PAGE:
By JESSICA NEU
I would have loved to have been at the first table reading for Once. As I imagine it, the cast and crew are gathered around and read the description of the first scene: “Strike the traditional Irish band complete with fiddles, violins, piano, guitar and hand drums. The musicians then help set the first scene and then take their place seated upstage, but keep their instruments with them because they are also the show’s orchestra. The Girl then enters and begins singing an Enya-like ethereal opening number that stands in stark contrast to the rowdy pub-anthems that the orchestra just performed.” As I watched this all unfold during Pittsburgh Musical Theater’s (PMT) production of Once, I was in awe of the fluidity of the daunting stage blocking by director Tim Seib.
The musicians and cast worked together to produce an earnest, vulnerable production where just as much was said in the silent or instrumental moments as was spoken in dialogue.
Everything about this production worked. There was even a bit of a haze in the Gargaro theater that, when paired with the lighting, created an authentic atmosphere of a slightly dingy Irish town.
Before the show began at 7:30, fans were treated to a pre-show performance by the talented musicians who serve as the show’s orchestra. The singing, dancing, and fiddling created enough revelry in the audience to turn the theater into a pub. The bar line was long; the audience was clapping, dancing, and ready to enjoy the show. Then, with the slow fade of houselights, the show began. Again, what should have been a jarring transition was comfortable and inviting. It was as if movement became a character in the show.
The music remains at the core of this show, which focuses on the quickly developing relationship between Guy (David Toole) and Girl (Kate Queen). After a happenstance meeting, Girl encourages Guy to pursue his musical dreams when he is determined to give up after the love of his life moved to NYV. Forget turning water into wine, as Guy and Girl “fall slowly,” the musicians also double as cast characters, proving how a multi-talented ensemble can turn water into smooth Irish Whiskey, pungent yet satisfying, with stunning vocals and understated nuances from this multi-talented cast that brought forth the importance of tradition, culture, and representation.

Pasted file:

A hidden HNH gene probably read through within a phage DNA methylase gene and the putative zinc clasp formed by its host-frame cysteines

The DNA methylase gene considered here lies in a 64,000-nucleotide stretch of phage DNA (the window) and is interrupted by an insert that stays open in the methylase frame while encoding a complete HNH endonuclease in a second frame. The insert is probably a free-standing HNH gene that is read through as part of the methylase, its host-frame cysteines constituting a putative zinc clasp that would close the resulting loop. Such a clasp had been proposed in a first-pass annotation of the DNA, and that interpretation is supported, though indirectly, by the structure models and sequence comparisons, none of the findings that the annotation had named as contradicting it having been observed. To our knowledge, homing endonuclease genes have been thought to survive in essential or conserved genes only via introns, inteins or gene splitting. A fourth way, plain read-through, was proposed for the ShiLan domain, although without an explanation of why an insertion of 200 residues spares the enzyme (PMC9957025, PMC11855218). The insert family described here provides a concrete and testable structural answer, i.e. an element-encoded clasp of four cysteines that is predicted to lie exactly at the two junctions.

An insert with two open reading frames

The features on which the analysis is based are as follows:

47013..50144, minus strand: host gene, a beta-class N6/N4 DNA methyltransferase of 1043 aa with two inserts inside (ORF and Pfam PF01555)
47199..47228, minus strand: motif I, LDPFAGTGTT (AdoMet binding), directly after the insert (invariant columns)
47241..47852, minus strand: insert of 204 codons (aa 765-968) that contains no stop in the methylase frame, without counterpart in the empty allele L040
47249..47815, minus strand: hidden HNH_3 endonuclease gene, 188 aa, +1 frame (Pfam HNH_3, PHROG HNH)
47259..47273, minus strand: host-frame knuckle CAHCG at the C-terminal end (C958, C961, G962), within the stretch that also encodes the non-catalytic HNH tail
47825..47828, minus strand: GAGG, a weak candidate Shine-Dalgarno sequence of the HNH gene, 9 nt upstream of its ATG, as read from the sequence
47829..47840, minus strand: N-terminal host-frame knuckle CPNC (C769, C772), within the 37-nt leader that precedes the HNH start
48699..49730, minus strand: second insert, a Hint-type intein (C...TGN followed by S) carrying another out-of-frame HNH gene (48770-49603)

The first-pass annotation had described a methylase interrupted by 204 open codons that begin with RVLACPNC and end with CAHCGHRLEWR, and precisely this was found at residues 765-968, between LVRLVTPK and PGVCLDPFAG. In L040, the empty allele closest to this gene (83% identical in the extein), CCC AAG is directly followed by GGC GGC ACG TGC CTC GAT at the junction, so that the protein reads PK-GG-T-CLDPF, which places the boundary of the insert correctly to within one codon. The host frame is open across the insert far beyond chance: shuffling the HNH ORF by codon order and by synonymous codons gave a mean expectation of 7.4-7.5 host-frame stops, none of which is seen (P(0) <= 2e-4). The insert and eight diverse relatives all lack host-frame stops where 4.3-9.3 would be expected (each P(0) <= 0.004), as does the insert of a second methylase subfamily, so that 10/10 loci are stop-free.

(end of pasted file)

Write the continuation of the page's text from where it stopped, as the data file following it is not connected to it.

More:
In a society currently grappling with the immigration debate, cultural appropriation, and cultural representation, Once’s treatment of these themes are gentle yet thought-provoking. As Girl asks Guy, “What does it mean to be Irish? Are you proud of it?”
Regardless of our ethnicity, Once reminds us that pride and tradition are something to be remembered, shared, and celebrated. Stories of previous generations are dying, and we must find ways to keep these stories and traditions alive. The beautiful relationship between Guy and Girl shows the power and importance of believing in someone. However, their superbly delivered cheekiness towards one another keeps the sentiment light-hearted yet impactful, peppering in moments of laughter throughout the story of love, self-exploration, and tradition. Once is not a show to be missed. Guy and Girl represent us all and serve as a welcomed reminder to remain steadfast when forlorn because someone out there believes that your voice deserves to be heard.
Read Sharon Ebserson’s interview with David Toole here
PMT’s production of Once runs now through April 2nd. For more information, visit: https://pittsburghmusicals.com/once/